Will California’s end-of-life law push lethal drugs over costlier care?

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Will California’s end-of-life law push lethal drugs over costlier care?

Terminally ill cancer patient Barbara Wagner’s doctor wrote a prescription several years ago intended to extend her life a few extra months. But Oregon’s government-run healthcare program declined to pay for the pricey drug, saying the projected odds of the medicine’s keeping her alive were too low.

Adding to the distress of the rejection, Wagner later complained publicly, was what else was included in the denial letter she received. The state listed doctor-aided death as one of the treatment options that would be completely covered.

“[They] basically said if you want to take the pills, we will help you get that from the doctor and we will stand there and watch you die, but we won’t give you the medication to live,” Wagner said in a television interview at the time.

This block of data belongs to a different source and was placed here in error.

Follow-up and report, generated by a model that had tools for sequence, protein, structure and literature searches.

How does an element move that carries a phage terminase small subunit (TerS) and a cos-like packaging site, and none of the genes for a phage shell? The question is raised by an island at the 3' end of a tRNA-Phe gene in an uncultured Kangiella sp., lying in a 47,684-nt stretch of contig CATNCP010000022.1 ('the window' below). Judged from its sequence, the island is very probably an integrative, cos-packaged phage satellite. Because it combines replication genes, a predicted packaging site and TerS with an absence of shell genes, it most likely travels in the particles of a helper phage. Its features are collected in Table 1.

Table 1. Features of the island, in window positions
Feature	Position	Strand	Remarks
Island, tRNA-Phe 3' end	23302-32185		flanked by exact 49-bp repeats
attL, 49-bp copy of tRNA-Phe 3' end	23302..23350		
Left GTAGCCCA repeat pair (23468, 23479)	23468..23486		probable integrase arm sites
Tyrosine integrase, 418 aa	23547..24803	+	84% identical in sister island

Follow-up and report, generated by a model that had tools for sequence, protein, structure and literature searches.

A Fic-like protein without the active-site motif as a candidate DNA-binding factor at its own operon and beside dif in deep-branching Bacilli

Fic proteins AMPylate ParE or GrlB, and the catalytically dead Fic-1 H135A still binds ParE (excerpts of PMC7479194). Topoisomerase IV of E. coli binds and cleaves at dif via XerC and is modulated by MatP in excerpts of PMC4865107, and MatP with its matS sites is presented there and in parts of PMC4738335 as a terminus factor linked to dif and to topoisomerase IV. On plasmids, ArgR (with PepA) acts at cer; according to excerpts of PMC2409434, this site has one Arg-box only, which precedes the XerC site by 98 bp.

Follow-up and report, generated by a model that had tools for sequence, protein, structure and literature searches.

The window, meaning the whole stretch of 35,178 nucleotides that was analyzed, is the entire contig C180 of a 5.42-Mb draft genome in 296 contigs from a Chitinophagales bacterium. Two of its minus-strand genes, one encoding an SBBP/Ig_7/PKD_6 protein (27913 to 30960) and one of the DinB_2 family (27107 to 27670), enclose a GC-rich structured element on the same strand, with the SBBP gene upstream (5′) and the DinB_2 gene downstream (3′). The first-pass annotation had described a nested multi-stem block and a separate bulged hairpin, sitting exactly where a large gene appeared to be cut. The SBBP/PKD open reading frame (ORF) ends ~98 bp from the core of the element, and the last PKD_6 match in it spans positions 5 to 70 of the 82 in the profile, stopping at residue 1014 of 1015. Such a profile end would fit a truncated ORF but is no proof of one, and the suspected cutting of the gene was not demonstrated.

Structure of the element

Wagner’s case became a flash point of the medical ethics debate over helping the terminally ill end their lives in Oregon, the state that pioneered the practice in the U.S. nearly two decades ago.

Now, as California pushes ahead with a similar initiative, experts say state officials here could face their own ethical controversies as they weigh details such as who should pay for life-ending care, particularly for patients in government-backed health plans.

Covering lethal prescribed drugs for such patients without also offering to pay for other far more costly end-of-life treatments could inadvertently pressure people into choosing the cheaper option, said Dr. Aaron Kheriaty, a UC Irvine psychiatrist and director of the university’s medical ethics program.

“It’s certainly a cost-saver,” he said.

More fromĀ The Los Angeles Times

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